...En el Foc [...Into the Fire]

by Paula Stiles

Episode #317

Part One of Five

Disclaimers: Helm, Tessa, the regular characters and the Queen of Swords universe all belong to Fireworks. The song, "Protocol" is by Gordon Lightfoot and does not belong to me, either. OCs (including Roger Pirenne) and the story belong to me, with the exception of Don Caruso and Don Borges, who belong to their creator Maril Swan.

This is a sequel to Tesoro, and follows on from The Medical Inquisitor (QoS-VS Season Two) by John Fingerhut.


Who are these ones who would lead us now
To the sound of a thousand guns?
Who'd storm the gates of Hell itself
To the tune of a single drum?
Where are the girls of the neighborhood bars
Whose loves were lost at sea
In the hills of France and on German soil
From Saigon to Wounded Knee?
Who come from long lines of soldiers
Whose duty was fulfilled
In the words of a warrior's will
And protocol?

Catalonia, 1813

When I open my eyes again, it is afternoon. It's hot, light and heat shimmering over the dry green hills. Crickets buzz. I lie on my side in the middle of a copse of bushes. This is disturbing. I don't remember lying down, only running, with the girl. Where is the girl?

Oh, here she is, huddled into her father's coat, a warm bundle wrapped around my chest. I'm wearing the coat. I think, to her that makes me her father. It must be why I'm still breathing. Who would have thought that a little mistaken kindness would have just saved my throat from being cut? That son of a bitch of a Frenchie won't be playing with knives, anymore. I reckon he's learned his lesson, and it's all over my coat sleeve, signed in his blood.

I lift my head, which is a major mistake. I bite back a groan, more out of habit than anything else. The air is full of the scent of oranges. Oranges? Damn, we are still in the orchard, which is less than a mile away from that bloody cottage. I nudge the girl. She whines and snuggles against me in her sleep. I nudge her again. "Maria," I say in Catalan, fumbling for her name. "Let's go."

She wakes up slowly, as children do when they feel safe. My head is pounding, but I don't hit her and I don't even think about leaving her behind. I don't know why, I just don't. I have taken on the role of father to her, and now I am trapped inside it. "Wake up. Come on, come on, dammit."

When she does get up, though, she has to help me up. I can scarcely rise above my knees, let alone stand or walk. How the hell am I supposed to get myself and this girl back through enemy lines? "Come on. South. Show me how we can go south."

She clings to my hand as we stumble out of the bushes and through the orchard, trying to find a way. Gradually, I notice that she is leading me towards a corner of it, where the fence has a hole. Once I see that she knows where to go, I let her lead me. If we can just get out of this open area and further into the woods, just a little further south...and then we can lie down and sleep until night. Sleep forever.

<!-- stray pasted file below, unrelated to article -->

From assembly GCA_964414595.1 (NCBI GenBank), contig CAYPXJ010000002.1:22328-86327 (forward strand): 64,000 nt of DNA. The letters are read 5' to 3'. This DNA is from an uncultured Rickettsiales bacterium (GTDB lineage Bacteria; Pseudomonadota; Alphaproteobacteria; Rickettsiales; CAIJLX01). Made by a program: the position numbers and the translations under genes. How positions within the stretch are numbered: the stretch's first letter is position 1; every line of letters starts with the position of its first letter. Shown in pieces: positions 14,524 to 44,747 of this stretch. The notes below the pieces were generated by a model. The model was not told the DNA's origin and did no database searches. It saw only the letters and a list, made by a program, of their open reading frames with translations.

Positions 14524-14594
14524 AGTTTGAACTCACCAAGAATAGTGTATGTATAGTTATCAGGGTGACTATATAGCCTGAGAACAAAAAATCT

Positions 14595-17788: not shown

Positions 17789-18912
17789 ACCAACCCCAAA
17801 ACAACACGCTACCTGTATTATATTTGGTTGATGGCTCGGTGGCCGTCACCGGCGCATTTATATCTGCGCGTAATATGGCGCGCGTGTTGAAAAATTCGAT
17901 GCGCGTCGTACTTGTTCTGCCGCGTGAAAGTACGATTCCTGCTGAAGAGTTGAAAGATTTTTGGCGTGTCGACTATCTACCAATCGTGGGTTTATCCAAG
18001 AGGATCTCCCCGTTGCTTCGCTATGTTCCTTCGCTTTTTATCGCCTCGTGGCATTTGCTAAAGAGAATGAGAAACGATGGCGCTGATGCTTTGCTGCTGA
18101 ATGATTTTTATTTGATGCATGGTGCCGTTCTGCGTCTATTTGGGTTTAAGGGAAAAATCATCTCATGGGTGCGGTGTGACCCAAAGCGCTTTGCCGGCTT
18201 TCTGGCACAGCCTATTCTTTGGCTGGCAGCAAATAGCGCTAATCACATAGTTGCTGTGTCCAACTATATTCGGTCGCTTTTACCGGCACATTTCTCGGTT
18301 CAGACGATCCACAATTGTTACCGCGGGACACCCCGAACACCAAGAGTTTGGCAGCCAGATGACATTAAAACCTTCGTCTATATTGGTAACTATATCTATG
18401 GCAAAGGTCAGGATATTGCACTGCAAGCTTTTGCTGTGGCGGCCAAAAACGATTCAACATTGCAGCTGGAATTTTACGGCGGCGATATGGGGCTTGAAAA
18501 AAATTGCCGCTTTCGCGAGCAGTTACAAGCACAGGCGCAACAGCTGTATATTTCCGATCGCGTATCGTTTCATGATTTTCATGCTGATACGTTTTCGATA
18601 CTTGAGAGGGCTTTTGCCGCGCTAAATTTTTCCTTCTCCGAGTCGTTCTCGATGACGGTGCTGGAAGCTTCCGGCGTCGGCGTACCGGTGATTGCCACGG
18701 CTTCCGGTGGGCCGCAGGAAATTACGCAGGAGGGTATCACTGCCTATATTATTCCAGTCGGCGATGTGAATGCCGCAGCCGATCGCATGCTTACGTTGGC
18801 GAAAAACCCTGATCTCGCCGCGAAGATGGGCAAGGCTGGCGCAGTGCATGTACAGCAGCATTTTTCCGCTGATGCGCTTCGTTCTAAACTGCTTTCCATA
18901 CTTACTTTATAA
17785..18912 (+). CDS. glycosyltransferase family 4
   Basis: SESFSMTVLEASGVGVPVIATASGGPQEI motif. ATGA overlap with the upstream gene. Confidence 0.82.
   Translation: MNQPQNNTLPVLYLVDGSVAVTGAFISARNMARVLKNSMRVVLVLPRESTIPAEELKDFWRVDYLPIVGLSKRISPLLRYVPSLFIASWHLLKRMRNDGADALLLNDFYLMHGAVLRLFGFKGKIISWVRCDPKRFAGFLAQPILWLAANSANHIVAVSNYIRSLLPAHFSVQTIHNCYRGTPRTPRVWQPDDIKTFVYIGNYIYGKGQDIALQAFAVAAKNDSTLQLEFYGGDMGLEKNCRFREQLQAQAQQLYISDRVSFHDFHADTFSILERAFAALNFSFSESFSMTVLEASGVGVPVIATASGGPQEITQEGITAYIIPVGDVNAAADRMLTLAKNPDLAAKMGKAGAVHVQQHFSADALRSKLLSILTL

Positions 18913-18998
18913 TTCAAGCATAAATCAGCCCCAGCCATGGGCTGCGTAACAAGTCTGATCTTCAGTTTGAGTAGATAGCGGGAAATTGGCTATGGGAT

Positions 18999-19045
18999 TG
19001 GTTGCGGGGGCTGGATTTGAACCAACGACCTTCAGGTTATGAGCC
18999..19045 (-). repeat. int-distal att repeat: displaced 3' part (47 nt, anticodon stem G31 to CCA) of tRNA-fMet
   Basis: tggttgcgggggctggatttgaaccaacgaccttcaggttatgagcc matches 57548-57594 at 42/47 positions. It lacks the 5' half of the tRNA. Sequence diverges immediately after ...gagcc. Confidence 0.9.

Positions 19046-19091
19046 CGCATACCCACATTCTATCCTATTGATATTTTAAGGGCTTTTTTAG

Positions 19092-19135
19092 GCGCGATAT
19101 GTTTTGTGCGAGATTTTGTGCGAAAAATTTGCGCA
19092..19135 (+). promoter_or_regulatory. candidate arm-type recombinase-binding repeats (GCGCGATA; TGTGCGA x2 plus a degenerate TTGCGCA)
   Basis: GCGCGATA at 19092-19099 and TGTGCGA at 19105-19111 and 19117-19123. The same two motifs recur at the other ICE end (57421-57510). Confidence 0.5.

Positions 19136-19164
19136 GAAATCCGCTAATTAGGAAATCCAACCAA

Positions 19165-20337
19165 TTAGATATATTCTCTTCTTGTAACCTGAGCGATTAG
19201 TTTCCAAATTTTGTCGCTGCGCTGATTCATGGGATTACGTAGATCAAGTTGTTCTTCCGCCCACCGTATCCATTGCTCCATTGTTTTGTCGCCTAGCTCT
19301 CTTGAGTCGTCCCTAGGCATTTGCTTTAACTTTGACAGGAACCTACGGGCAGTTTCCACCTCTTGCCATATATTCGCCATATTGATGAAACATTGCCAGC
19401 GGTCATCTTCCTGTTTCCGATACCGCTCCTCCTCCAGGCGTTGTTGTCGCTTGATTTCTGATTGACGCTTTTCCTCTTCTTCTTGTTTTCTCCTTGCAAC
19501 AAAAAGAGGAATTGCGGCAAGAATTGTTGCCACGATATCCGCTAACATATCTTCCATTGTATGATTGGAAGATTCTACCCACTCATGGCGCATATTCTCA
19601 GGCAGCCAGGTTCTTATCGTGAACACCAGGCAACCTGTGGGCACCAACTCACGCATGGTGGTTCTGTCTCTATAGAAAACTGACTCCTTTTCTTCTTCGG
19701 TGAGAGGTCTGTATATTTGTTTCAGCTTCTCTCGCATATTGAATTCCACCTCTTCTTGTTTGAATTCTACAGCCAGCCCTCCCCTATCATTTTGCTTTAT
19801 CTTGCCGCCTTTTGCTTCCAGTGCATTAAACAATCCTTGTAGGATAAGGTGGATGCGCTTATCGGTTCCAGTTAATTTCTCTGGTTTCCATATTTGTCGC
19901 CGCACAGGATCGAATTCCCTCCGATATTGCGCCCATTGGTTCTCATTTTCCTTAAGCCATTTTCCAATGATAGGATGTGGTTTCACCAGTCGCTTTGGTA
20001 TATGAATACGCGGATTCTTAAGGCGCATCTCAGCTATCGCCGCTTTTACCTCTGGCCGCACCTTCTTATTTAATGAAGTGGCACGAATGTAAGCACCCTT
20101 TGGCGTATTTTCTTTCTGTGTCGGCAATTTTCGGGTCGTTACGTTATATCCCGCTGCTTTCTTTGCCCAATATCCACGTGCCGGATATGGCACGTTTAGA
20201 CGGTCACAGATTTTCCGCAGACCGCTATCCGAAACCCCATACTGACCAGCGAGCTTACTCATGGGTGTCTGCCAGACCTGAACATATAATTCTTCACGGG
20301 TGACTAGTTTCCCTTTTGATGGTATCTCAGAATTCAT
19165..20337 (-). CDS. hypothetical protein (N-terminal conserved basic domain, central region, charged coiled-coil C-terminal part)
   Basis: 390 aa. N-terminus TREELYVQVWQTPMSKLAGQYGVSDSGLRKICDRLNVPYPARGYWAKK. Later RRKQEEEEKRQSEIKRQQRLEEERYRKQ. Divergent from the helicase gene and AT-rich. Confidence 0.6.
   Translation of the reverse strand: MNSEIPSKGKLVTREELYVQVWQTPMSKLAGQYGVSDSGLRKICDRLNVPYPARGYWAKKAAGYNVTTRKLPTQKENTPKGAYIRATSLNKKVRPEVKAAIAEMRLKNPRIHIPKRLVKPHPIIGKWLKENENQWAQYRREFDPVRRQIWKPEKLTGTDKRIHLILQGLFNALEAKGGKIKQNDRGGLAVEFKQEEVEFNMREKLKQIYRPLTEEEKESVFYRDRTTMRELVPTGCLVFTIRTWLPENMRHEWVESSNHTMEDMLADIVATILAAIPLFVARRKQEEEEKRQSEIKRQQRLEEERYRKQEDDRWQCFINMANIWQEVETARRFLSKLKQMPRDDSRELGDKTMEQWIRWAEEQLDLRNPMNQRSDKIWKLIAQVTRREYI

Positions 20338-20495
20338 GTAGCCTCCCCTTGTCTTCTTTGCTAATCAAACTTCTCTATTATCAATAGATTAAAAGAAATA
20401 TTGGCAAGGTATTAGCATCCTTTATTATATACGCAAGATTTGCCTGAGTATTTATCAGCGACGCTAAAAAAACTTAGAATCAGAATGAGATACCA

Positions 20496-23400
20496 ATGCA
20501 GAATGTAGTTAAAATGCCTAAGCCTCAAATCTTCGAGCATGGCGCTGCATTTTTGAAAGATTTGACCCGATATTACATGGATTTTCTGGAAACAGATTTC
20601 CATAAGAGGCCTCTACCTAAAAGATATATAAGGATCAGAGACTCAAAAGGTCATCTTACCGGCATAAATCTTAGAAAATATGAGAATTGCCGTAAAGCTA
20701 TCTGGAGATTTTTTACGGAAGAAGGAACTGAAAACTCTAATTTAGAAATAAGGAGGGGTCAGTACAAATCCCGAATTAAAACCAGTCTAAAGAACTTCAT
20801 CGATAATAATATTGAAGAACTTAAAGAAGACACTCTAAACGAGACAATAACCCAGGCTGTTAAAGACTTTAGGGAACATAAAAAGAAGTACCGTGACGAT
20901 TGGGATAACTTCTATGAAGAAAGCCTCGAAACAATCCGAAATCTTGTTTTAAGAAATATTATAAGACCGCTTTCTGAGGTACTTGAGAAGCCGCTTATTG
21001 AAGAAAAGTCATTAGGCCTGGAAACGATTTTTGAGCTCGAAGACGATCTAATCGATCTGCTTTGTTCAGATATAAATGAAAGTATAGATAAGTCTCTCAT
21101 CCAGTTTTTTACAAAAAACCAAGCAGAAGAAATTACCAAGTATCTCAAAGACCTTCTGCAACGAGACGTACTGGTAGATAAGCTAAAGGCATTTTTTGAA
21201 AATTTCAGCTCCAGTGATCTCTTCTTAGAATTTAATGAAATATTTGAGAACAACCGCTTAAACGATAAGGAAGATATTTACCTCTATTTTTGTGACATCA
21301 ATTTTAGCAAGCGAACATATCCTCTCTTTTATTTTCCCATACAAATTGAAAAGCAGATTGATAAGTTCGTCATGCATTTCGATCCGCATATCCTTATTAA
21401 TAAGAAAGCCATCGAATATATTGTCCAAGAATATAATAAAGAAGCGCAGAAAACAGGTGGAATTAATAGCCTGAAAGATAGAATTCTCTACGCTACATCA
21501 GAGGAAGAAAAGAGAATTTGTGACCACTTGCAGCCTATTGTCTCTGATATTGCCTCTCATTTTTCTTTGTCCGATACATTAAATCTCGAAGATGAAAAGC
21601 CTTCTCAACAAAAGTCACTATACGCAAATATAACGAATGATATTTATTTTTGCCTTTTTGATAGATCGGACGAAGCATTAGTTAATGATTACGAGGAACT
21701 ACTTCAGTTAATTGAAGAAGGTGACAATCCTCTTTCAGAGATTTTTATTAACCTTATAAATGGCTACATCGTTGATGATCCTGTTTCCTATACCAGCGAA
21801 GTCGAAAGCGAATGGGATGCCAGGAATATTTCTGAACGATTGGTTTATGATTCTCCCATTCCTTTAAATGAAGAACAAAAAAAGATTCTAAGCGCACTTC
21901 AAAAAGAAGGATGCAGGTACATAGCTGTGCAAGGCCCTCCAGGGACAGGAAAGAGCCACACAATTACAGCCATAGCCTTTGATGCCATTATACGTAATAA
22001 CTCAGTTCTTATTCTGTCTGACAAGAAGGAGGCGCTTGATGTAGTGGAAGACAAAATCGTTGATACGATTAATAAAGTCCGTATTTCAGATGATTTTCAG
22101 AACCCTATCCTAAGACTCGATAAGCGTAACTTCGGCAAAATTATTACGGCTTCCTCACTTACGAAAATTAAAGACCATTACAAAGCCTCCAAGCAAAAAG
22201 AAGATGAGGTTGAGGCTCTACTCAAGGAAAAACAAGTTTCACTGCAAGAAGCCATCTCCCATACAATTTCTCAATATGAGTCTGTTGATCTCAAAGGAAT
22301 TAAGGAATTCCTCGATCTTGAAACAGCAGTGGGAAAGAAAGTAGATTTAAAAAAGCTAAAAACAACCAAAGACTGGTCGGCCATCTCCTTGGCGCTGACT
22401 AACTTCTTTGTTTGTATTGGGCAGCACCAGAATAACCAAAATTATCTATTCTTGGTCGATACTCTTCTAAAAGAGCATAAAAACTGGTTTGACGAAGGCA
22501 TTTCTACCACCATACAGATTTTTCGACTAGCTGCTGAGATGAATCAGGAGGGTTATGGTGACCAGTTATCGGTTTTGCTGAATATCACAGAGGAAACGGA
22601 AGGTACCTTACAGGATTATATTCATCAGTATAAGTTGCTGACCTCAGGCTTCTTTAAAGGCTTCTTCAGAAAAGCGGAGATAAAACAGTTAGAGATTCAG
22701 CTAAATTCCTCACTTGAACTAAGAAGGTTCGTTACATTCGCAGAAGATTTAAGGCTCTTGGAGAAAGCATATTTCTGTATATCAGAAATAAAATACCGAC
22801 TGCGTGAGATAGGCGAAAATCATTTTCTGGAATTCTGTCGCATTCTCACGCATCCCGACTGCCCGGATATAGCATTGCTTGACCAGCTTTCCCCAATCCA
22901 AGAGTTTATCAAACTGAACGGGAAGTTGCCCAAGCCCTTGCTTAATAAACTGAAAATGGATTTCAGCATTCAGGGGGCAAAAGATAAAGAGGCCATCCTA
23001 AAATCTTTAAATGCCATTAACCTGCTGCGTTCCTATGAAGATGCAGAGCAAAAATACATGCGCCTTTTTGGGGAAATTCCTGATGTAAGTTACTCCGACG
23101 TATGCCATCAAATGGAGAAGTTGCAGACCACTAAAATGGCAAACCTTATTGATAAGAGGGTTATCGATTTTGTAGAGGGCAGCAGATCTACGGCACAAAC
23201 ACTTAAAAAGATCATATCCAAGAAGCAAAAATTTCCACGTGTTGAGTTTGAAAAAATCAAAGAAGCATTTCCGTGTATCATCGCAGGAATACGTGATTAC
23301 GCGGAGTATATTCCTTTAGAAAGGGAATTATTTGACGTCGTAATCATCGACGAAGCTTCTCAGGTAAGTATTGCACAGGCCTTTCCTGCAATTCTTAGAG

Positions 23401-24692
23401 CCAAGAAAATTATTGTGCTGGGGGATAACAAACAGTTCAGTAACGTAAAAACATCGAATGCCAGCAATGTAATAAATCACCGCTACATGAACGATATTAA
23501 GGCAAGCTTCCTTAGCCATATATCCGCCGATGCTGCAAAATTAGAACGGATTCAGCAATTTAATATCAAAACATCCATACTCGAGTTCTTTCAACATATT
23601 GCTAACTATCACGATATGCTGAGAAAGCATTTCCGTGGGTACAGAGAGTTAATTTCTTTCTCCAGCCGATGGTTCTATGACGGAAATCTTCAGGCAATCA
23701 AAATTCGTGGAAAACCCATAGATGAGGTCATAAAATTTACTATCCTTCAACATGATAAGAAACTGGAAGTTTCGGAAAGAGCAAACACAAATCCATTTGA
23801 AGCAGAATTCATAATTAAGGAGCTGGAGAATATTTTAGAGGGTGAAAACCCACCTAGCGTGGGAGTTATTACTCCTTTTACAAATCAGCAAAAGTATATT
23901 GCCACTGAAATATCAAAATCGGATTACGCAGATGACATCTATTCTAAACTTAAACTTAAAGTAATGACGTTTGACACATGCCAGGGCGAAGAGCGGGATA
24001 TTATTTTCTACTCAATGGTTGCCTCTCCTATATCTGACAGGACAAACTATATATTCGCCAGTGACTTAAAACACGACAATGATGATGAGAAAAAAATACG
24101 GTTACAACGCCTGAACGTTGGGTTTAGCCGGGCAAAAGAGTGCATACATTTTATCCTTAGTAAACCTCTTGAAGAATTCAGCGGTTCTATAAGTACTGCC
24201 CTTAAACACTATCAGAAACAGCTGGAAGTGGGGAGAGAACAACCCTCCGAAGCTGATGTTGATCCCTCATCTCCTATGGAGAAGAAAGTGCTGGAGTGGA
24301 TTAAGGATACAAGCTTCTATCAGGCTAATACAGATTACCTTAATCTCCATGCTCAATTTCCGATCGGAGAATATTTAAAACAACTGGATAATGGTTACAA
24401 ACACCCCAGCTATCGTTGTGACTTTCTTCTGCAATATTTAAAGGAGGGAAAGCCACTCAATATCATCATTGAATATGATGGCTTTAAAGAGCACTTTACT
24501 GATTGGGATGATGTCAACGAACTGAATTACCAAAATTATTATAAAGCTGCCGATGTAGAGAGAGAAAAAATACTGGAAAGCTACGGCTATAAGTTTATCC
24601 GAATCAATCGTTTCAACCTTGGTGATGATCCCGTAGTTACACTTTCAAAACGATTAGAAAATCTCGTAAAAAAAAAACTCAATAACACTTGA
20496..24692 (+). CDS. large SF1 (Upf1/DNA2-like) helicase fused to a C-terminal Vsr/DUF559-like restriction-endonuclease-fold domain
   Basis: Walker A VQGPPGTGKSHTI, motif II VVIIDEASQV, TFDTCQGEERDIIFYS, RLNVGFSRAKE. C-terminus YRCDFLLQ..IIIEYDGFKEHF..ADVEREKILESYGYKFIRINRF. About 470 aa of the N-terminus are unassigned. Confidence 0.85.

No. I have to keep going. I pay my debts and this child got me out of a very dark hole. I owe her. She tugs on my hand, mouthing, "Vinga, vinga, papa," urging me into the brush. We slip through the broken gate. I cannot help but notice how sad the orchard looks, with crushed oranges on the ground and the trees looking wilted. I must be hurt worse than I thought, to be worrying about oranges, but then, it's my job to notice these things. The sometents will be getting more and more desperate as their crops fail and the French sit more heavily upon them. Wellington will want to know. I have precious little else to tell him. This mission has been a colossal failure.

We limp down the road. I pray I'll be able to make it into the woods. That half mile is probably the longest I have, or ever will, cross. Please, God, just let those be the only French in our area, the ones I killed. And what of that Spaniard who tried to stop them torturing me? What about him? There is something wrong, there, something I cannot quite place. Surely, he will send reinforcements after us. I cannot see his goodwill extending to letting me escape after murdering French soldiers with impunity. They would make him swing in my place.

When he steps out of the bushes from the side of the road, right in front of us, Maria gasps and tightens her grip on my hand. I stop, swaying. If my head did not ache so badly, I might drop dead from the shock, but I am far too gone for a fright.

He stands there, eyeing me. "You are going south?" he asks in good Catalan. I don't answer. He nods at the girl. "Taking her to safety?" I still don't answer. "Never mind," he says. "I will help you get there."

I squint at him. It is hard to see him in the heat and my head hurts. "Why?" I say.

"Because you are hurt," he says patiently, as if I were the child and not the little girl. He steps forward and reaches for my arm, the one with Frenchie's blood on it. I shy back from him, unslinging the rifle and bracing myself on the girl's shoulder.